La Carpio was born poor, and now it is poorer. In this neighborhood of precarious houses and narrow streets in San José, several of its inhabitants lost their jobs in the pandemic, aggravating a situation that the next president of Costa Rica will have to solve.
A leader in environmental protection and with the strongest democracy in the region, Costa Rica goes to the polls this Sunday to elect a new ruler for this country, which according to the Economic Commission for Latin America and the Caribbean (ECLAC), suffered one of the largest drops in employment in Latin America between 2019 and 2020 (-14%), along with Peru.
“I used to do house cleaning, but during the pandemic they didn’t call me anymore. My husband had an accident, a gate fell on his foot and he could no longer work. (…) I started making empanadas and selling them at construction sites. Wherever I saw a project, I started selling,” says Maricela Méndez, 30, with five children.
Together with her partner they make 100,000 colones a month ($157) and live in a two-room house with cement block walls, where drinking water comes intermittently through artesian pipes.
La Carpio, marked by crime, was born in the 1990s on the outskirts of the capital, surrounded by polluted rivers and a garbage dump. Refugees from the civil war in bordering Nicaragua arrived there. Today it occupies 63 hectares and has some 52,000 inhabitants, including migrants and poor Costa Ricans.
Sometimes we didn’t eat
The country with the highest happiness index on the continent also saw its poverty grow from 21% in 2019 to 26.2% in 2020.
Currently, that figure stands at 23%, with 6.3% in extreme poverty, according to the National Institute of Statistics and Census (INEC) and ECLAC.
According to both entities, these figures, boosted by Covid-19, have not been seen since 2008, in a country where tourism is one of its economic engines. In 2020, this fell by more than 60%, although in 2021 it began to recover.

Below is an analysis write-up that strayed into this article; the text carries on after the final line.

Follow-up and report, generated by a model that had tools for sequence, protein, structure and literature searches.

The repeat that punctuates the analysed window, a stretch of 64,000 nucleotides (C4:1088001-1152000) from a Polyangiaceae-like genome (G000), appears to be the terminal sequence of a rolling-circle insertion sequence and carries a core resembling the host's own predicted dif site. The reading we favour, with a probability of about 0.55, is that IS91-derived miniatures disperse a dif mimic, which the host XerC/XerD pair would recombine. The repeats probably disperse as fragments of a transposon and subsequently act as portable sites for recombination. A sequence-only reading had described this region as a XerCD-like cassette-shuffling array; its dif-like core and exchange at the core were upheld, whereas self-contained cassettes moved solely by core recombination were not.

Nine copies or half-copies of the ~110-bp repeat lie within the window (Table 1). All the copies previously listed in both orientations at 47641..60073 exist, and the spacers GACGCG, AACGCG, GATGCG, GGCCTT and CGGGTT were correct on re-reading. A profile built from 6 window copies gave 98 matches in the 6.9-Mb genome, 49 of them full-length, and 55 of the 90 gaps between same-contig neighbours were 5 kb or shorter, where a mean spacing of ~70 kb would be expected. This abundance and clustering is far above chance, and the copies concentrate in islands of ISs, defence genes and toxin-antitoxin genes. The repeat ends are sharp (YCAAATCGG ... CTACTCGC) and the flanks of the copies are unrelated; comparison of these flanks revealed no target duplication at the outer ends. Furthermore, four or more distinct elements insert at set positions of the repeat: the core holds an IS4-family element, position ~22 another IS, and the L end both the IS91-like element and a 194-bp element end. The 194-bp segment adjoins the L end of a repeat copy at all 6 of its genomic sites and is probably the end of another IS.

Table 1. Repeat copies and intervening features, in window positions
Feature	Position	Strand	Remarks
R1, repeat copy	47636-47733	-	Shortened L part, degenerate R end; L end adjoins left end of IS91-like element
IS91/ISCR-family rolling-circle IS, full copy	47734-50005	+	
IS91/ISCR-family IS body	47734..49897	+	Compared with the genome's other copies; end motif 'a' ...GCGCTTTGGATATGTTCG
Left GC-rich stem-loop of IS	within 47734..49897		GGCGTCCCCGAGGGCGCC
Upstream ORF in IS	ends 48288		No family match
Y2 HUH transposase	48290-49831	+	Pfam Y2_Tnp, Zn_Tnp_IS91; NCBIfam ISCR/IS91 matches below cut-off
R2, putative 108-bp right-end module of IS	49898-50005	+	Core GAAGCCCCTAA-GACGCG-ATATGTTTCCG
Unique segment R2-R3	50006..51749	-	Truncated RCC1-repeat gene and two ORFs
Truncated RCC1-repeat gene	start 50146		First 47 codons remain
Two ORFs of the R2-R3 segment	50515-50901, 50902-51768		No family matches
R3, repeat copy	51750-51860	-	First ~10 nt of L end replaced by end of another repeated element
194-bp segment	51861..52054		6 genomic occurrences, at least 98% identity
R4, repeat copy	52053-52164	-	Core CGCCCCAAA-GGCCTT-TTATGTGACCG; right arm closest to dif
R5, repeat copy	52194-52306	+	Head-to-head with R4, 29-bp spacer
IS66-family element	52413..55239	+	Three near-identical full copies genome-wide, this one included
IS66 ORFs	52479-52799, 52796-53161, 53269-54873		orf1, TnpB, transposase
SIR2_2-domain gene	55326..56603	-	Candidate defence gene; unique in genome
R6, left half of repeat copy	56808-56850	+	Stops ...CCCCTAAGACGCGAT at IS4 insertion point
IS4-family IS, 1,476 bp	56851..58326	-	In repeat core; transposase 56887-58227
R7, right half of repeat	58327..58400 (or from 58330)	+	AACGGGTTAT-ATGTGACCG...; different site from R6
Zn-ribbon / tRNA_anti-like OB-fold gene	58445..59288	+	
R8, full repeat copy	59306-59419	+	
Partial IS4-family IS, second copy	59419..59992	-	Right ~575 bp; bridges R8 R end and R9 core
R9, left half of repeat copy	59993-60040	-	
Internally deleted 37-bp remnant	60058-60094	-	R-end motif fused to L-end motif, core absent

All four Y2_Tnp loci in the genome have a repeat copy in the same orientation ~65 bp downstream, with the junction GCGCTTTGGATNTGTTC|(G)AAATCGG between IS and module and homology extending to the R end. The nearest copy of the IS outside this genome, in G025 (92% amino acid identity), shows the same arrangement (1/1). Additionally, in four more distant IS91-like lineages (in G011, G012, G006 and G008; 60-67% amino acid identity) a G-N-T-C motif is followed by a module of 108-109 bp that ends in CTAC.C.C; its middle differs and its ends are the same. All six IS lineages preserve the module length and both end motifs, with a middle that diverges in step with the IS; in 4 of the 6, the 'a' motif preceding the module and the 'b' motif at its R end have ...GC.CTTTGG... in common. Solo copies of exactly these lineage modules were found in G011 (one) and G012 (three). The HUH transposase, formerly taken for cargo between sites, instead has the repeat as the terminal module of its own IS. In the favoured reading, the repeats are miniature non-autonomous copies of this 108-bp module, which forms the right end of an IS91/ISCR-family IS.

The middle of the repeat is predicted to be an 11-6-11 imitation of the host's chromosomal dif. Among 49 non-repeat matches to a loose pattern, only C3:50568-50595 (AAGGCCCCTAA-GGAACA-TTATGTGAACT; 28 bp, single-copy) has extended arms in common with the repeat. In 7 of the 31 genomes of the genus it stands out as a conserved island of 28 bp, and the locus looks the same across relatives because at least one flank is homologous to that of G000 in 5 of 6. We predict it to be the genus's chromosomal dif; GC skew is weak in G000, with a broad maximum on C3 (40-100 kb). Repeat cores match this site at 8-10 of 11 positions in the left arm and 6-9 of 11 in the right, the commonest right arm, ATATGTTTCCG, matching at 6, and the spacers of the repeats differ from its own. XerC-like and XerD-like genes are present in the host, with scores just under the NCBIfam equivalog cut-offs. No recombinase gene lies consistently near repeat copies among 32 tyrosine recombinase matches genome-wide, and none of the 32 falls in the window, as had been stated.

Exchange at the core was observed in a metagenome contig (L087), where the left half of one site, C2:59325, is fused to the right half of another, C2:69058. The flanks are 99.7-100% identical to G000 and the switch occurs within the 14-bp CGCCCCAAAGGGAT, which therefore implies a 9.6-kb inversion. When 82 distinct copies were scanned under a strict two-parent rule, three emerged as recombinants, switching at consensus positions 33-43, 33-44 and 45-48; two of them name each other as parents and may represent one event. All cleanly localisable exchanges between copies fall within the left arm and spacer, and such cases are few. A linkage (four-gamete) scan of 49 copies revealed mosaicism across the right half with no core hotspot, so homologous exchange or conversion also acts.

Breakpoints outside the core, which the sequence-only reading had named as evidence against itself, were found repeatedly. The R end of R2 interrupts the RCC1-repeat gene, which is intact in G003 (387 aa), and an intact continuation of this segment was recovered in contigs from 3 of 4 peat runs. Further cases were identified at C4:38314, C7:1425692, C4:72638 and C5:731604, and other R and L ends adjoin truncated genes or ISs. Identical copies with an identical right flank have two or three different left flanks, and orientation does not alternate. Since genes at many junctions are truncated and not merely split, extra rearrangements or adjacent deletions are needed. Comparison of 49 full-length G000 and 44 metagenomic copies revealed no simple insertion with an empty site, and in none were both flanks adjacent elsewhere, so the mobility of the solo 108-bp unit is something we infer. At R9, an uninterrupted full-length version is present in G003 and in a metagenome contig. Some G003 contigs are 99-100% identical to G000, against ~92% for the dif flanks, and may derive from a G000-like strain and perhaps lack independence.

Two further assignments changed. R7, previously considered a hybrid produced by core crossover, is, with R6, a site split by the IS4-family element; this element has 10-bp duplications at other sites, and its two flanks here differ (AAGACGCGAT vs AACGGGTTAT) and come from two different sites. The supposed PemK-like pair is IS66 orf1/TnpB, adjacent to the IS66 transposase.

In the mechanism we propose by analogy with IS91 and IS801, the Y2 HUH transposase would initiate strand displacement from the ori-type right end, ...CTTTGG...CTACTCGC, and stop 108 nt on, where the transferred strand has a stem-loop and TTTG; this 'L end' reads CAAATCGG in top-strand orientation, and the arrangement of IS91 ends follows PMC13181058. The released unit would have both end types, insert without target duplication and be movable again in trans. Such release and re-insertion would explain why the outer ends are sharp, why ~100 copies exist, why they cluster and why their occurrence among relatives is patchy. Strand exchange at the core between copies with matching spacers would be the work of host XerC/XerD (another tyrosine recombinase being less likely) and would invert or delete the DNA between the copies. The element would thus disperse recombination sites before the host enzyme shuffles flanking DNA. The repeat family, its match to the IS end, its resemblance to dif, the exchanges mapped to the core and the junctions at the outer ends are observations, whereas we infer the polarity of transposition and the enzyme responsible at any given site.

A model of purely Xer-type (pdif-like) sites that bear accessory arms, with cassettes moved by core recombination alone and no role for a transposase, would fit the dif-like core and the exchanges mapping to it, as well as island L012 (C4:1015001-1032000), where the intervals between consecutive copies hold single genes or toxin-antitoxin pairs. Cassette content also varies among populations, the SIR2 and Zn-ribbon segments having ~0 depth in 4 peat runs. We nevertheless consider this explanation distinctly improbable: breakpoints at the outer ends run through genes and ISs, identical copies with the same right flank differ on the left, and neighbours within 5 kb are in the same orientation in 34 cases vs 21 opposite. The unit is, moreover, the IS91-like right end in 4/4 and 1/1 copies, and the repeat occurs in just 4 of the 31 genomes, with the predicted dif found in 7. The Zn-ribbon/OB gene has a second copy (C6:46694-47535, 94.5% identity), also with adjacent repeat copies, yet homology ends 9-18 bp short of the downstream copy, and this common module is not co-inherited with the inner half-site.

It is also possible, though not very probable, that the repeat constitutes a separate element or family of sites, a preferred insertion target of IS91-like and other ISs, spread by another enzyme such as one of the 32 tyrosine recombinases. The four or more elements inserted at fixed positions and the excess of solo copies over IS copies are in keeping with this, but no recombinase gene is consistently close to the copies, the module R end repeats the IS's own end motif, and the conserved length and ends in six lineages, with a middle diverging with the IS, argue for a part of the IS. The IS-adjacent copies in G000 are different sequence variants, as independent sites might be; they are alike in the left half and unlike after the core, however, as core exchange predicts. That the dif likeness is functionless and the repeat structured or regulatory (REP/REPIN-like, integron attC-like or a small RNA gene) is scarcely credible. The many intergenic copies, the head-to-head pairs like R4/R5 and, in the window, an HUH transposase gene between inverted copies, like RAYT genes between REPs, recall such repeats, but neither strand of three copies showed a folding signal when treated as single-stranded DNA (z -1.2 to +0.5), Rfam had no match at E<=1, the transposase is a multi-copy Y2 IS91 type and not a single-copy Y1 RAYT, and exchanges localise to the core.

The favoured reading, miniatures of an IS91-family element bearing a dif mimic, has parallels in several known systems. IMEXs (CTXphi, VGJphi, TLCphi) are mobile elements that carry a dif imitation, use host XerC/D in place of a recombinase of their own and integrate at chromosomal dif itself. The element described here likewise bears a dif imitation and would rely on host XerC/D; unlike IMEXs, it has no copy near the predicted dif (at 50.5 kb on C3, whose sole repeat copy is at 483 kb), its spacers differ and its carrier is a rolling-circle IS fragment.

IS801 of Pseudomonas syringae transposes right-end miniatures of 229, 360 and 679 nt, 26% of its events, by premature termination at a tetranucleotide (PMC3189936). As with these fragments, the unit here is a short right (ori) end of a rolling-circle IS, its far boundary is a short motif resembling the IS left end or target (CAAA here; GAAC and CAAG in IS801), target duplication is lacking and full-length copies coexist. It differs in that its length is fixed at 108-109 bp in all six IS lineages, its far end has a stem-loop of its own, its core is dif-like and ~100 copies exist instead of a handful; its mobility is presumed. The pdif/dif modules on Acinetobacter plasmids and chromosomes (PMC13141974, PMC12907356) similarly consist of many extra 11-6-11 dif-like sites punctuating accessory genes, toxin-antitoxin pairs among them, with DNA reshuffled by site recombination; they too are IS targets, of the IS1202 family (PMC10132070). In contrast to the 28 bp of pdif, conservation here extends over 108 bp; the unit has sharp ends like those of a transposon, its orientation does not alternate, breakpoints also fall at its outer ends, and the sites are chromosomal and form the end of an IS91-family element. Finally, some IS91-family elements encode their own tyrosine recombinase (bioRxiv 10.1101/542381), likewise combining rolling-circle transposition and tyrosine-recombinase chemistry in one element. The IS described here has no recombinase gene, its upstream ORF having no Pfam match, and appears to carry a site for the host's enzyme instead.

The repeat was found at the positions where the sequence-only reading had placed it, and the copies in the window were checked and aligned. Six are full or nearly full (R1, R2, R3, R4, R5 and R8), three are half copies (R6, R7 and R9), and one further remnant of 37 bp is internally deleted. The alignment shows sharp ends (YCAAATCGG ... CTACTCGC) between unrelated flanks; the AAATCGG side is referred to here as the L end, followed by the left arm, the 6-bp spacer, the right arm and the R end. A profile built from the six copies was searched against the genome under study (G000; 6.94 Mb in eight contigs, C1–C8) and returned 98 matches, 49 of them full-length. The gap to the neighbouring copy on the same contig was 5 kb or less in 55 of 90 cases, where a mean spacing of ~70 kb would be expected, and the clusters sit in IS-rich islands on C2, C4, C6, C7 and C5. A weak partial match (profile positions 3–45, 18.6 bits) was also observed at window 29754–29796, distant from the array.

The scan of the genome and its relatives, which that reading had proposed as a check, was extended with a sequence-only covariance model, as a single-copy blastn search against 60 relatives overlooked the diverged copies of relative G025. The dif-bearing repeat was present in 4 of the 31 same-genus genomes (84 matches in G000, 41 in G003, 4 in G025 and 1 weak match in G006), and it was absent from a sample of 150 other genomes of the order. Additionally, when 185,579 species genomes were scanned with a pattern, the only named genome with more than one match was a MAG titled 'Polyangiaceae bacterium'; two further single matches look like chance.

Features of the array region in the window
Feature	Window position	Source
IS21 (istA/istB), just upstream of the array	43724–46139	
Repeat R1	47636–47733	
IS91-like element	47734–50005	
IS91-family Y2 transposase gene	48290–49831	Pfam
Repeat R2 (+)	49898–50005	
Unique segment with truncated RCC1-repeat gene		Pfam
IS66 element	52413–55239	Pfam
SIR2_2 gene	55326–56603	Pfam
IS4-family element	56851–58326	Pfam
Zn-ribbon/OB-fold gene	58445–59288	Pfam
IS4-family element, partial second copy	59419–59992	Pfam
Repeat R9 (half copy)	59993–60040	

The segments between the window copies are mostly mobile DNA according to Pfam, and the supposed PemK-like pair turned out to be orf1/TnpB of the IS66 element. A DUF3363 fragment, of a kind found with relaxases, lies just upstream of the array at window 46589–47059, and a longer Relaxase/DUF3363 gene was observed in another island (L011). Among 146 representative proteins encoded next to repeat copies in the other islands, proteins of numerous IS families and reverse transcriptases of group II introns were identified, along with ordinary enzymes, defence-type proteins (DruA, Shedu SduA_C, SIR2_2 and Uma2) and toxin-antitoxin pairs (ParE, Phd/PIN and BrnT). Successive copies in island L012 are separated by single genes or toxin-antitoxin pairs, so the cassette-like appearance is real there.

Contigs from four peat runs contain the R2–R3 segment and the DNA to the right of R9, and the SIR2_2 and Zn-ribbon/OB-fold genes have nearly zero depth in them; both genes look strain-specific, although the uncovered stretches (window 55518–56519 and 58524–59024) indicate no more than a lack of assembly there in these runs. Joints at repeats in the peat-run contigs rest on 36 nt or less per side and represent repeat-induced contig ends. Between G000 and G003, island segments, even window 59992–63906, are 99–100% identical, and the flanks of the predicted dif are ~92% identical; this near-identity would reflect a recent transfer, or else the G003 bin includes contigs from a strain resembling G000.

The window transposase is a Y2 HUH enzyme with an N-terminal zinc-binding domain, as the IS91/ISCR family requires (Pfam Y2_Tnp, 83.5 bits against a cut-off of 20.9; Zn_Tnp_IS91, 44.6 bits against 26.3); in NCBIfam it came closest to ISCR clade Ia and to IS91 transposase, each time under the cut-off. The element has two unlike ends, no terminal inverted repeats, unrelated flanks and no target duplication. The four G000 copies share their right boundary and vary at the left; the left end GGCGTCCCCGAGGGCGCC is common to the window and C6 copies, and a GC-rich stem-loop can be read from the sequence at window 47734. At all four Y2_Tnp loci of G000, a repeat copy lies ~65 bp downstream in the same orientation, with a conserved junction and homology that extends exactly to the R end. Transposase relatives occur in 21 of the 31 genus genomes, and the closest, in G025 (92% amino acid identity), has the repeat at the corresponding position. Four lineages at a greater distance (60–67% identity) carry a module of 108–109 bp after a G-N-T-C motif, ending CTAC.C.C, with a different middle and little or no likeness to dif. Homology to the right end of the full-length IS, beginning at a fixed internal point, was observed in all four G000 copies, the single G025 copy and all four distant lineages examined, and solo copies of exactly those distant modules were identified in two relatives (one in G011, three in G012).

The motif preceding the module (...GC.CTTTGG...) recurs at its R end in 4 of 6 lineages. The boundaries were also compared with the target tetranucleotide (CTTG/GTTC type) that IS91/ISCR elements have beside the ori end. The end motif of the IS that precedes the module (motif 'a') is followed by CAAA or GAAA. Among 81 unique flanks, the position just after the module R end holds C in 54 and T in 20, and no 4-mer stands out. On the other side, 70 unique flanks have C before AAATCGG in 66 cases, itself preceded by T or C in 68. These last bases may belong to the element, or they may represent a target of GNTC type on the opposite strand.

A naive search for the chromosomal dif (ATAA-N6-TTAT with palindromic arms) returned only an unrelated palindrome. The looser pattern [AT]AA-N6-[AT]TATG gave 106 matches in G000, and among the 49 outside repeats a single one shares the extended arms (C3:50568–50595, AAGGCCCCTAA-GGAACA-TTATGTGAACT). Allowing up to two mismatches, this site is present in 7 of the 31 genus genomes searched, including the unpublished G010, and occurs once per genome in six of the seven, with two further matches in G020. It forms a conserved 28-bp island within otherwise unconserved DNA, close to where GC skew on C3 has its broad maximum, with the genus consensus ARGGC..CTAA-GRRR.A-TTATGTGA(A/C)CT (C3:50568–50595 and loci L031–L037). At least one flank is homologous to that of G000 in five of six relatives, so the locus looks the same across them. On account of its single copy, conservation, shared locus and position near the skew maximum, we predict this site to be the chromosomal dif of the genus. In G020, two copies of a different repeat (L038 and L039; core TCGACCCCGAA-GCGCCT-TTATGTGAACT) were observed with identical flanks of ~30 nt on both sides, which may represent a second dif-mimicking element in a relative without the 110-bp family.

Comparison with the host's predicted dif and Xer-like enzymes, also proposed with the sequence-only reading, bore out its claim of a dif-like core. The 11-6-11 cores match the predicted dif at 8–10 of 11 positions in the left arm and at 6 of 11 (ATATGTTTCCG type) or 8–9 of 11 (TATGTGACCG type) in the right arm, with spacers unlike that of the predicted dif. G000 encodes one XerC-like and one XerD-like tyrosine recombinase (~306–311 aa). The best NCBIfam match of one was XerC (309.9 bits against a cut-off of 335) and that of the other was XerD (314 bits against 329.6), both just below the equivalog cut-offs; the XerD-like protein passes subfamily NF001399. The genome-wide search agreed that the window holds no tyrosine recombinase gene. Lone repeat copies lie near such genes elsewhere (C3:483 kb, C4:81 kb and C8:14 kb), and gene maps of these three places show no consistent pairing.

“The pandemic complicated us too much. I asked for help in institutions and they never responded. (…) Sometimes we didn’t eat,” Maricela confesses.
Cepal assures that Costa Rica, together with Brazil, will be one of the nations that will take the longest to recover “due to the cuts in state aid”.
“We were on our way to lowering poverty below 20% for the first time in a decade, but the pandemic changed everything,” said Juan Luis Bermudez, director of the state-run Mixed Institute of Social Assistance (IMAS).
Costa Rica accumulates a debt of more than 70% of its GDP and is evaluating how to attack it. One of the alternatives is to reduce the amount of money coming out of the Government. Bermúdez denies that there will be cuts in social investment.
“State interventions have managed to contain the growth of poverty by at least four percentage points,” he said.
The issue will be left in the hands of the next governor. The center-left José María Figueres and the Social-Christian Lineth Saborío are in first and second place in the preferences, although without a large majority, which announces a second round on April 3.
No money and no work
Another economic indicator is unemployment, which closed in 2021 at 14.4%, when in the pre-pandemic (2019) it was at 12.4%. For women the statistic is worse: 17.3%.
“I was fired from my job (in a supermarket). It was a tough experience. We didn’t know what to do. We had to adjust with my husband’s salary (…). We started buying only rice, beans and meat from time to time. There was one week when we only ate eggs,” says Maura Ríos, a 41-year-old mother of two.
With the support of a local development association, she learned how to make handicrafts to sell during the pandemic, and she takes care of an elderly person.
Others are worse off
Nicaraguan Marta Arias has lived in Costa Rica for 25 years and settled in El Erizo Juan Santamaría, Alajuela, a poor neighborhood northwest of the capital, also plagued by crime, and where several houses have exposed areas or flimsy roofs. The only place of recreation for the children is a battered soccer field.
“We live here out of necessity, not because we like it. I don’t want anything given away, but I would like the opportunity of a house (…),” said Marta, a 39-year-old vendor with three daughters and a granddaughter. She has citizenship and voting rights in Costa Rica.
Neighbor of the neighborhood, Sonia Zúñiga, a 55-year-old Costa Rican mother of three, confesses that “we had to reduce a lot of things, a lot… and I had to do less things [to eat] to pay for everything that had to be paid.
But he remains optimistic. “We have to thank God that, despite the fact that we have been limited, something is coming along. Others are worse off than us.
by David GOLDBERG